MOUNTAIN HOME AIR FORCE BASE, Idaho --
He was a pilot, an Airman, a family man, a commander, a hard worker— in no particular order of course, because his life of duty, honor and love of family was so intertwined.
“He lived and embodied the Air Force Core Values,” said Maj. Nathaniel Nye, 559th Trainee Health Squadron VIPER Sports Medicine Element chief. “Integrity first, service before self and excellence in all we do — that was grandpa. For him, it was ‘God, family and country.’”
Nye remembers the life of his grandfather, retired Col. Von R. “Chris” Christiansen, a former 366th Tactical Fighter Wing commander.
Sometimes a man of few words as his family describes him, but when he spoke, you listened.
“When I graduated from [Brigham Young University] in 2006 and commissioned, he spoke at my ceremony, and he said something that I’ll never forget,” Nye explained.
“‘The way you gain the unfair advantage over your enemy is not through better technology or better weapons, it’s through better training and a stronger work ethic. Put 100 percent in everything you do, and you will gain the unfair advantage.’”
Christiansen’s words on training and work ethic was how he lived his life. He always aimed to be the best of the best.
He attended the University of Utah and was the top of his class in the Flying/Aviation Cadet Pilot Training Program which earned him a fighter pilot slot in the Air Force. Back then, the program only required two years of college or three years of a scientific or technical education to commission.
At the U.S. Air Force Fighter Weapons School, now the U.S. Air Force Warfare Center, he was designated “Top Gun.” Any movie buff would be pleased to hear Christiansen’s call sign was “Iceman” long before Val Kilmer was known as such.
While on active duty he returned to school and completed his bachelor’s degree at the University of Nebraska, and continued his higher education by earning a Master’s degree in International Relations from George Washington University. Additionally, he was a graduate of the Air Command and Staff College and National War College.
His Air Force career spanned over 26 years. In that time, he flew over 400 combat missions.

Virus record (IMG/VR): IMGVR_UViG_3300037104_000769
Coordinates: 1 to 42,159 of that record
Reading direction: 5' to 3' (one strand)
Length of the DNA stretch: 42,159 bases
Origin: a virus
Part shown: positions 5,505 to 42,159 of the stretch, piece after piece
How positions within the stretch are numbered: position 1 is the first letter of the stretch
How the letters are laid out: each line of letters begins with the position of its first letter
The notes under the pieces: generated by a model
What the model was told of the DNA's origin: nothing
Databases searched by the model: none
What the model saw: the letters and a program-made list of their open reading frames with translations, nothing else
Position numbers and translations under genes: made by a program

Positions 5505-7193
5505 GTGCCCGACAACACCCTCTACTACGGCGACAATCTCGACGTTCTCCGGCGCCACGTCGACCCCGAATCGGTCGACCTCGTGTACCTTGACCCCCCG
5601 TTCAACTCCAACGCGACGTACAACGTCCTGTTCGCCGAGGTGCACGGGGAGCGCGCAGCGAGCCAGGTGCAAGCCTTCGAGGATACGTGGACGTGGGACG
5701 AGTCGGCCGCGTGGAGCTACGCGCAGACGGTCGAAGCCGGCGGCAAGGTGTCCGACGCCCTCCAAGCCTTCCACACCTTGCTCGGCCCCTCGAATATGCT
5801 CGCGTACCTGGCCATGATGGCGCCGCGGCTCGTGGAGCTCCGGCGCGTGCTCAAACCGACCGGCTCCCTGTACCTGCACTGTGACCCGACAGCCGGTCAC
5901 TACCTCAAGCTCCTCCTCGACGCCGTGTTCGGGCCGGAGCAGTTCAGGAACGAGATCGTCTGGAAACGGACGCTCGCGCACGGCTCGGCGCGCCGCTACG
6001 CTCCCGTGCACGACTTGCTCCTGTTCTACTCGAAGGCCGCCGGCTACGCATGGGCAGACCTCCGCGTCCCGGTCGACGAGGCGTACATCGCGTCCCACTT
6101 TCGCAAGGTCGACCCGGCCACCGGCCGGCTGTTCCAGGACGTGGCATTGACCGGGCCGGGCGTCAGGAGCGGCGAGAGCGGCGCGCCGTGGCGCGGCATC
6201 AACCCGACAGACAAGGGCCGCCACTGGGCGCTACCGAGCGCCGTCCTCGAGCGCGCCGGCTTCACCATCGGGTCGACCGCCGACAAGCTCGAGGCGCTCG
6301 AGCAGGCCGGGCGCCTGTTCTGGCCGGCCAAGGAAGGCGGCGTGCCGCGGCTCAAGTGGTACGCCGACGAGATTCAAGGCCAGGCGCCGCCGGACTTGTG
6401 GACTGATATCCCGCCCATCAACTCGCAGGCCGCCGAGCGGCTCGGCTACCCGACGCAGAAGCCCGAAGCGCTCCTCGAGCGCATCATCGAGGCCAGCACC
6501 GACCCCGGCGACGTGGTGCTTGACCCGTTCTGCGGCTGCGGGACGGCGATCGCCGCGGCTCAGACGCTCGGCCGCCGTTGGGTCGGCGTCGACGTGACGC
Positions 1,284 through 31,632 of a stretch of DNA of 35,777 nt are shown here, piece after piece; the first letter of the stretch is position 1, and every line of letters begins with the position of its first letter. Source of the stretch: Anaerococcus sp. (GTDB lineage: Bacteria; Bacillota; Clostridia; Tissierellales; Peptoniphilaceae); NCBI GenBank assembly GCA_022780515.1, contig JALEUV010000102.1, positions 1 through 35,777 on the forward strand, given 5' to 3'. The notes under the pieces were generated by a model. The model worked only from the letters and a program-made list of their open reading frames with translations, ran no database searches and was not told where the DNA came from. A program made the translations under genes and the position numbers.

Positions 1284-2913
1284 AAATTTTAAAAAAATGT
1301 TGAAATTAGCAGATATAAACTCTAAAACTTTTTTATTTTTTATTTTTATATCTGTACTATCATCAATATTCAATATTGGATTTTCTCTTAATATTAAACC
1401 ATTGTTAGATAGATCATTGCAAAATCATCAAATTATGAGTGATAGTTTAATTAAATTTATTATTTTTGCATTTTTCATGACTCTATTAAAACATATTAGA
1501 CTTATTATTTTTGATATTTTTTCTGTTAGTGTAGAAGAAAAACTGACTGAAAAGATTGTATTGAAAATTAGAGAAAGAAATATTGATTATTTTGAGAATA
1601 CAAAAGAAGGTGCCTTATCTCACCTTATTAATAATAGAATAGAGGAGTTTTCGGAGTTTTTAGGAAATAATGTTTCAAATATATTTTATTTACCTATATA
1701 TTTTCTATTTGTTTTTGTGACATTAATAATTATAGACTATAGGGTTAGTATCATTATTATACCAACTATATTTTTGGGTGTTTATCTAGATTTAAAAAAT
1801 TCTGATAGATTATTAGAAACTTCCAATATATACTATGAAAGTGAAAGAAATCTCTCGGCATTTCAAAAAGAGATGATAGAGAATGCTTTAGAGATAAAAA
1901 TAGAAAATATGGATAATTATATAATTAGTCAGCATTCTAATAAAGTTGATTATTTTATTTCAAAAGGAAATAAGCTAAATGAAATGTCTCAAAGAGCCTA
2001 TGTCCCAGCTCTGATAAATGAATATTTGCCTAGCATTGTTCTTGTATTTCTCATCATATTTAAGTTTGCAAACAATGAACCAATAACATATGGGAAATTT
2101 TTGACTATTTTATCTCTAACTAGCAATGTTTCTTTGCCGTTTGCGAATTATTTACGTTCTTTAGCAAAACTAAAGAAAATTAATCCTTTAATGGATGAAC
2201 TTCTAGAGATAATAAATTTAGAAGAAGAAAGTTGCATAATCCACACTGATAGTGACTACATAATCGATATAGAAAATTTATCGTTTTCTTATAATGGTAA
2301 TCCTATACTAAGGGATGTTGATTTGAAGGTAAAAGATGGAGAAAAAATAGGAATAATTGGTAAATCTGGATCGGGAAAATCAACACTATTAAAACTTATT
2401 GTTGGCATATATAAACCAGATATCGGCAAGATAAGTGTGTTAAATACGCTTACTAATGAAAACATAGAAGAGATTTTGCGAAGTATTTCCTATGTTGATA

During one of those combat missions on June 21, 1972, then Lt. Col. Christiansen achieved an aerial victory when he shot down a MiG-21 over North Vietnam. Christiansen was flying the F-4E Phantom II during that mission. His actions that day are credited with saving the lives of his wingmen, and earned him the recognition as a fighter Ace.
Born and raised in Idaho, his family believes no time was as treasured by Christiansen than his time as the 366th TFW commander. He was the vice commander of the wing from 1977 to 1978, and the commander from 1978 to 1980.
His daughter, Kim Christiansen Tveit, is one of four children. She said her father’s love of country defined their family.
“He was passionate about America, and passed that on to us, for sure,” Tveit said.
Tveit was away in college during her father’s time as wing commander, and said it was always a pleasure to visit Mountain Home because her parents enjoyed their time here so much.
One story she shared was when Christiansen invited country singer Tanya Tucker to visit the base. Christiansen was always willing to put in effort to gain support for the military. So when he had the opportunity to host Tucker, he showed her the wing’s mission and she met with Gunfighter Airmen.
“When [Tucker] left Mountain Home, she referred to my dad as “My Colonel,” Tveit said as she laughed.
Tveit said her father was also big on improving the relationships between Mountain Home AFB and the local community.
“He always made it a priority to inform local leaders on what went on at the base and why it was important, and bridging the gap of understanding,” Tveit said. “It was the late 70’s, it was a different time back then, not everyone understood the mission and may not have fully supported the military.”
Christiansen retired from the Air Force after his time as the 366th TFW commander, and he and his wife of 61 years, Janis, settled down in Idaho where they have been ever since.
Christiansen passed away, at the age of 84, on Aug. 22 of this year. He joins a long list of notable Gunfighter Airmen who will always be remembered for helping make the 366th Fighter Wing the nation’s premiere combat wing.
“Everything my grandpa said and did was true to himself and true to his values,” Nye said. “When I recite the Airman’s Creed I think to myself, ‘that’s who he was.’”